Ukraine: Confused US Foreign Policy

When idealistic goals exceed political will and materiel grasp…



he first anniversary of Russian’s invasion of Ukraine has come and gone, and the uncertainty about how that conflict will be resolved remains, despite the West’s cheerleading and photo-ops with Zelensky, and billions in cash and materiel sent to Ukraine. Meanwhile, China is  “strongly considering” supporting Russia with arms and ammo, Iran keeps sending Russia drones, and American support for aid to Ukraine is starting to dwindle.

The way out of this stalemate, moreover, requires choices none of which are politically palatable or possible. So here we are again, with our idealistic foreign policy reach exceeding our political will and material grasp.

The origins of this predicament in part lie in the still uncertain justifications for spending billions of dollars and depleting our own stockpiles of materiel. The Asia Times’s David Goldman recently posed the still unanswered questions about our reasons and intentions:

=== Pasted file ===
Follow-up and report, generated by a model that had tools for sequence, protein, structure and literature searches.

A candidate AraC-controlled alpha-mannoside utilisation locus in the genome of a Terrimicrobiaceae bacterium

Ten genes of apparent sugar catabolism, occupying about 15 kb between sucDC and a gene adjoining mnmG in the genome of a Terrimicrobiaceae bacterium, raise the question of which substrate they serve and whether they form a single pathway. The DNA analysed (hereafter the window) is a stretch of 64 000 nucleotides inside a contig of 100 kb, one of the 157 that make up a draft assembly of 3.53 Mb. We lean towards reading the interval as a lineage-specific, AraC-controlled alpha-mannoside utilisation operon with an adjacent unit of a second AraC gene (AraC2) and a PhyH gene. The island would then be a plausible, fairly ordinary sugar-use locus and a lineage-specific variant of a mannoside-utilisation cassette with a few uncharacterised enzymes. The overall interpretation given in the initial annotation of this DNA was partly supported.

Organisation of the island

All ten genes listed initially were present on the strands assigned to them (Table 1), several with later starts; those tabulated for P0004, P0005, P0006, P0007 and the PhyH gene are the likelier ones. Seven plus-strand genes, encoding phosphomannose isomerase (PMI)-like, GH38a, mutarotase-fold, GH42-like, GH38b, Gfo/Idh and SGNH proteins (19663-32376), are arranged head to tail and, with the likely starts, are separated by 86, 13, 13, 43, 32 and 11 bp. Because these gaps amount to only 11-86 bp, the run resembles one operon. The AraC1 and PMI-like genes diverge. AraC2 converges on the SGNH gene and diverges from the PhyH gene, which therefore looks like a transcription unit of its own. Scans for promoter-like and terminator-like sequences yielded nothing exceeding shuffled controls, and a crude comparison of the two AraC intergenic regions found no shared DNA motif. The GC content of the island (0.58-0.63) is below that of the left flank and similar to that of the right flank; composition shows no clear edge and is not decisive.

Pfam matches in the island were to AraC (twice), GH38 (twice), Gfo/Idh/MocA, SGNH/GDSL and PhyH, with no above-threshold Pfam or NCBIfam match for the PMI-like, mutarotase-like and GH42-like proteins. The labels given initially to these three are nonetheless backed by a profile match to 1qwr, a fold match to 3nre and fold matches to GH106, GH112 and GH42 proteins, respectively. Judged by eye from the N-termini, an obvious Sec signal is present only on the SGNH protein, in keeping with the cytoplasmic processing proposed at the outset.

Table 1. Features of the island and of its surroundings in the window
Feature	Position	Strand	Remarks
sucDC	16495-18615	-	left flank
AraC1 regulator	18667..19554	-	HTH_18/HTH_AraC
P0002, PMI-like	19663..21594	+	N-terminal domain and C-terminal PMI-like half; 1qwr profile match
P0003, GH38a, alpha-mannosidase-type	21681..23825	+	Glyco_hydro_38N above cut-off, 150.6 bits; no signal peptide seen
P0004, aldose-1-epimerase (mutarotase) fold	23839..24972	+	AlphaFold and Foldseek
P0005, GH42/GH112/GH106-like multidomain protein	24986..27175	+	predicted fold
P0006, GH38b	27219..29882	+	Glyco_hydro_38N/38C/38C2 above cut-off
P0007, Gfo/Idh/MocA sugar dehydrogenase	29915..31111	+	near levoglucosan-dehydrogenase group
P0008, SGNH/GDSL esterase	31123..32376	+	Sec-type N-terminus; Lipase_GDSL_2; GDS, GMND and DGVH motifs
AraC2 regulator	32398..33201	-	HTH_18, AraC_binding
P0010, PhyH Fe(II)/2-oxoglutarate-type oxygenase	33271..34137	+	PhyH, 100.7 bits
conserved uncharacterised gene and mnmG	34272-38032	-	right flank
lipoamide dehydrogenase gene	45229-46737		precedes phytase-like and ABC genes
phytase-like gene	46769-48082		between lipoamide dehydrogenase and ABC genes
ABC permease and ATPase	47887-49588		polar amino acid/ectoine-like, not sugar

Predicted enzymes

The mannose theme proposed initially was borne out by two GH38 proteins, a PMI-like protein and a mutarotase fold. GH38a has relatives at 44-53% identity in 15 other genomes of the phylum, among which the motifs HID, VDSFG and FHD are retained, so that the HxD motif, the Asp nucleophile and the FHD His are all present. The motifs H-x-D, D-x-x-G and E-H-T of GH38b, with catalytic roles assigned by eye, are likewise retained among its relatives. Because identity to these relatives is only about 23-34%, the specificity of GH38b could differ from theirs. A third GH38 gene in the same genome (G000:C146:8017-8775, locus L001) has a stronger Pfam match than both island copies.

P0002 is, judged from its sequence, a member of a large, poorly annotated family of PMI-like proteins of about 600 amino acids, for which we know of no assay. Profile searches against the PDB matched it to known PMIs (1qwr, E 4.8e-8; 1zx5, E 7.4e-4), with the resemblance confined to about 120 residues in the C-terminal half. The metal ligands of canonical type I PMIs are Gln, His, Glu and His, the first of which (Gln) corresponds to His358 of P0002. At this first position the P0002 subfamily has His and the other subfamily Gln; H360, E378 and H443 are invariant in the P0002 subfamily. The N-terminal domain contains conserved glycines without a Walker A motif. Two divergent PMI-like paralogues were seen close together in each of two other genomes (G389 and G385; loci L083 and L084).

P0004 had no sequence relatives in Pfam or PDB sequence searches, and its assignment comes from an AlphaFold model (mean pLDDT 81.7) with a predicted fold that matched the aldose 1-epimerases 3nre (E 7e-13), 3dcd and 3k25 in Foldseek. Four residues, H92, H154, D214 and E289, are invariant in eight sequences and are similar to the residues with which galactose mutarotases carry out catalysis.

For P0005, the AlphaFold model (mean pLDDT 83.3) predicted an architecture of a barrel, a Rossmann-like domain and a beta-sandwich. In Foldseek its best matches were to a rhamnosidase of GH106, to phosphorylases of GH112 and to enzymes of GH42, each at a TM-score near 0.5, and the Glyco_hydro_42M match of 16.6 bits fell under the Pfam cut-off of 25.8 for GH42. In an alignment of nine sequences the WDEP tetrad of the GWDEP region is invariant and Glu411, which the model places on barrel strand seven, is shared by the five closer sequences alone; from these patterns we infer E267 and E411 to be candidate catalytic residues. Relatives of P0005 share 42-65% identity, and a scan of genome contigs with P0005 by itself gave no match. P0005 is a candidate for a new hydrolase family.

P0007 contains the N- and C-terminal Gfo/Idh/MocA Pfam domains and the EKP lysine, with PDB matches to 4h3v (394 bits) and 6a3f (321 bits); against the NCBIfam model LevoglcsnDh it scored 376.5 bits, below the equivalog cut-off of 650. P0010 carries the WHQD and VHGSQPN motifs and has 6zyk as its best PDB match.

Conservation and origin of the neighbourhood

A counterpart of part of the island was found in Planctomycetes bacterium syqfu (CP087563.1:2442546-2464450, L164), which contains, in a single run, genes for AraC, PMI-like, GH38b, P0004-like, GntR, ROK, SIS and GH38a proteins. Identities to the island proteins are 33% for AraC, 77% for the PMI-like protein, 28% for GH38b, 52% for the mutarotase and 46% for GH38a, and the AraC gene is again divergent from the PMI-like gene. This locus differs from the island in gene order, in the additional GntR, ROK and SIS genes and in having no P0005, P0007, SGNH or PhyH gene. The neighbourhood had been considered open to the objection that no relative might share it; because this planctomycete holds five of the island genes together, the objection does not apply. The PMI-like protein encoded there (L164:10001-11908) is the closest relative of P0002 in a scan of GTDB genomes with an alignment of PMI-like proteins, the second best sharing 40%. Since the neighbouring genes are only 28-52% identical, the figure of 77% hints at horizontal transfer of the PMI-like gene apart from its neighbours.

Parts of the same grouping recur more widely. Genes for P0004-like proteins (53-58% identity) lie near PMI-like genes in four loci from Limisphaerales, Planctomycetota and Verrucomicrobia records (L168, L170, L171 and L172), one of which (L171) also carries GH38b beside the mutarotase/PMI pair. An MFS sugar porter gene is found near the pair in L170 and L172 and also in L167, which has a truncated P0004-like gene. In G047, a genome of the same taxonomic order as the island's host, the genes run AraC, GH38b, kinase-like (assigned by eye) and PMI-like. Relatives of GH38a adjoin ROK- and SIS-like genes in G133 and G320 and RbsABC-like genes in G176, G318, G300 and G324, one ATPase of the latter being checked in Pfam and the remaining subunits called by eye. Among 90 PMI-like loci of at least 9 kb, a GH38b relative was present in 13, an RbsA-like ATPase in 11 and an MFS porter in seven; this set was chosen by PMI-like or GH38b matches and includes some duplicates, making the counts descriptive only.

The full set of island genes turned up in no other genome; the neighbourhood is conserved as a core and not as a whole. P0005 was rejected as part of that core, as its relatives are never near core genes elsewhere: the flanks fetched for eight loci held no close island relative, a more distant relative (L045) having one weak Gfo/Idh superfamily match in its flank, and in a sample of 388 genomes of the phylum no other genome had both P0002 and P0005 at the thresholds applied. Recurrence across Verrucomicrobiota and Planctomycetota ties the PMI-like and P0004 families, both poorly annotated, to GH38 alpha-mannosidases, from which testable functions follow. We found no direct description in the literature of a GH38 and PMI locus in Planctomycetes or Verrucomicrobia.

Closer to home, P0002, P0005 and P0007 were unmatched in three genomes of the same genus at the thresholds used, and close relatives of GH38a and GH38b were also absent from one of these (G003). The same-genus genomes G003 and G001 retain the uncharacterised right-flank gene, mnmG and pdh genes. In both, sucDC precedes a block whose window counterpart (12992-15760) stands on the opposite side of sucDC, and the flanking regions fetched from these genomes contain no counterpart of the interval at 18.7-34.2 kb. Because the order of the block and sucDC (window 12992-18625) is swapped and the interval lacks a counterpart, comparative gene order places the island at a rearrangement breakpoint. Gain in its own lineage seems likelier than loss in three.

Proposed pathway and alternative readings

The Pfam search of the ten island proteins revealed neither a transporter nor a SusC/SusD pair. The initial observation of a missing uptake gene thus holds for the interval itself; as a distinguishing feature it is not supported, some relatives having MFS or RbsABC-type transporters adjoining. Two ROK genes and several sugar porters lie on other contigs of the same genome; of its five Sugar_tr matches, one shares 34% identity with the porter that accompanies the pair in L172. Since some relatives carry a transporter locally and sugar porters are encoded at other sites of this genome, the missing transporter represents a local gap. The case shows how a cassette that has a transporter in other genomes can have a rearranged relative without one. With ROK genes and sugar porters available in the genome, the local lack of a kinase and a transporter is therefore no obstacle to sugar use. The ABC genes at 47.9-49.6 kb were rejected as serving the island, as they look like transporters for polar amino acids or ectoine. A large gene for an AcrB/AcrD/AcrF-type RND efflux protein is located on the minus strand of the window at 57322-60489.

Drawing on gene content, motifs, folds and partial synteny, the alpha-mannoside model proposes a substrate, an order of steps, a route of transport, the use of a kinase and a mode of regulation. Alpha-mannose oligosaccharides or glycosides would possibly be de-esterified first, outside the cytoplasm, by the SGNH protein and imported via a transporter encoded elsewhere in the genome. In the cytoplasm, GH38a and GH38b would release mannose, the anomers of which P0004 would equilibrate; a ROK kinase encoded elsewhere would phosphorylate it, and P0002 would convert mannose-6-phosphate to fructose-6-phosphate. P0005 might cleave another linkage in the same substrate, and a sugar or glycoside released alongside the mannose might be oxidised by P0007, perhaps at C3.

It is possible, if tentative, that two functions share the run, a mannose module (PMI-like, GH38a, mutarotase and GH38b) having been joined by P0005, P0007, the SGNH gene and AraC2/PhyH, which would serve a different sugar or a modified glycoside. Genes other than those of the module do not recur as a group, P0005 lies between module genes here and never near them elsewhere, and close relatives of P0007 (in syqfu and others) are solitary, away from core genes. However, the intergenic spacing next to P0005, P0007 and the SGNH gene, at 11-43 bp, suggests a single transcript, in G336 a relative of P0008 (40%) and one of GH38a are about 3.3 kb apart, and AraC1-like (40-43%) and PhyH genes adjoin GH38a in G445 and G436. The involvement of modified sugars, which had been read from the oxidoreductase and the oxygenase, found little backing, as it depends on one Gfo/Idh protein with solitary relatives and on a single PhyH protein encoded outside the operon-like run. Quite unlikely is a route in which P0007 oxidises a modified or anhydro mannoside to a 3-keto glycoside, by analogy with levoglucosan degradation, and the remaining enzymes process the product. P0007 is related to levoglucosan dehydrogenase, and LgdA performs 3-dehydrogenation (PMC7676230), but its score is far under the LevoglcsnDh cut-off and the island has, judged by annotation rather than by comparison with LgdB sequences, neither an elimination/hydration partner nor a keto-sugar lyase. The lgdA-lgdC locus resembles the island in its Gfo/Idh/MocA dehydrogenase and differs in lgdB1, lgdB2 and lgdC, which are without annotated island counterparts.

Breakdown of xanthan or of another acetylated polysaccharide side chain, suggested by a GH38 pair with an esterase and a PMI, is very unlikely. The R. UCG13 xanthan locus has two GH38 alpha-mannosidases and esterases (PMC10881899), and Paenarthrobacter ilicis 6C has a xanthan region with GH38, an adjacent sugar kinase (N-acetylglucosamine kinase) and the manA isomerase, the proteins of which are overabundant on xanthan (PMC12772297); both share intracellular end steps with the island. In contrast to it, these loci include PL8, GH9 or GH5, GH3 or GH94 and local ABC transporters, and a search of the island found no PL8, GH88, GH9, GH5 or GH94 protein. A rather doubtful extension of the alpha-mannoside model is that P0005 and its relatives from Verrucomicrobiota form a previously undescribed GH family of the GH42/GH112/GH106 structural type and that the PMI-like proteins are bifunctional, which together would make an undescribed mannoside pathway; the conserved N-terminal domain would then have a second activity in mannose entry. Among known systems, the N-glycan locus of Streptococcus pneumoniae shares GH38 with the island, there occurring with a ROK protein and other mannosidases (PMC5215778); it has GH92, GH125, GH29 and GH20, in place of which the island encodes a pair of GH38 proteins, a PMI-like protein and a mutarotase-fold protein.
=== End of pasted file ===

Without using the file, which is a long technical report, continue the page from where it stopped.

“In furtherance of what strategic interests has the United States acted in Ukraine? Is Ukraine’s NATO membership an American raison d’état? Did American strategists really believe that sanctions would shut down Russia’s economy? Did they imagine that the trading patterns of the Asian continent would shift to flow around the sanctions? Did they consider the materiel requirements of a long war that is exhausting American stockpiles? Did they consider what tripwires might elicit the use of nuclear weapons? Or did they sleepwalk into the conflict, as the European powers did in 1914?”

Answers from supporters of our intervention have remained vague. The stock response is that we must protect the “rule-based international order,” and if we appease Putin on Ukraine, Europe’s NATO bulwark against Russia, and the global economy’s security will be compromised, with a serious risk to our security and interests already being challenged by Russia, China, and Iran, the new triumvirate of autocrats eager to supplant the U.S. and its NATO allies as the global hegemon.

However this rationale raises even more questions. First, if Russia poses such an obviously dire threat, why didn’t NATO nations act sooner, before Russia launched a full-scale invasion of Ukraine? We’ve known for years about Putin’s dissatisfaction with the collapse of the Soviet Union, which in 2005 he called “the greatest geopolitical catastrophe of the century,” and his ambitions to restore Russian hegemony in the Eastern European borderlands.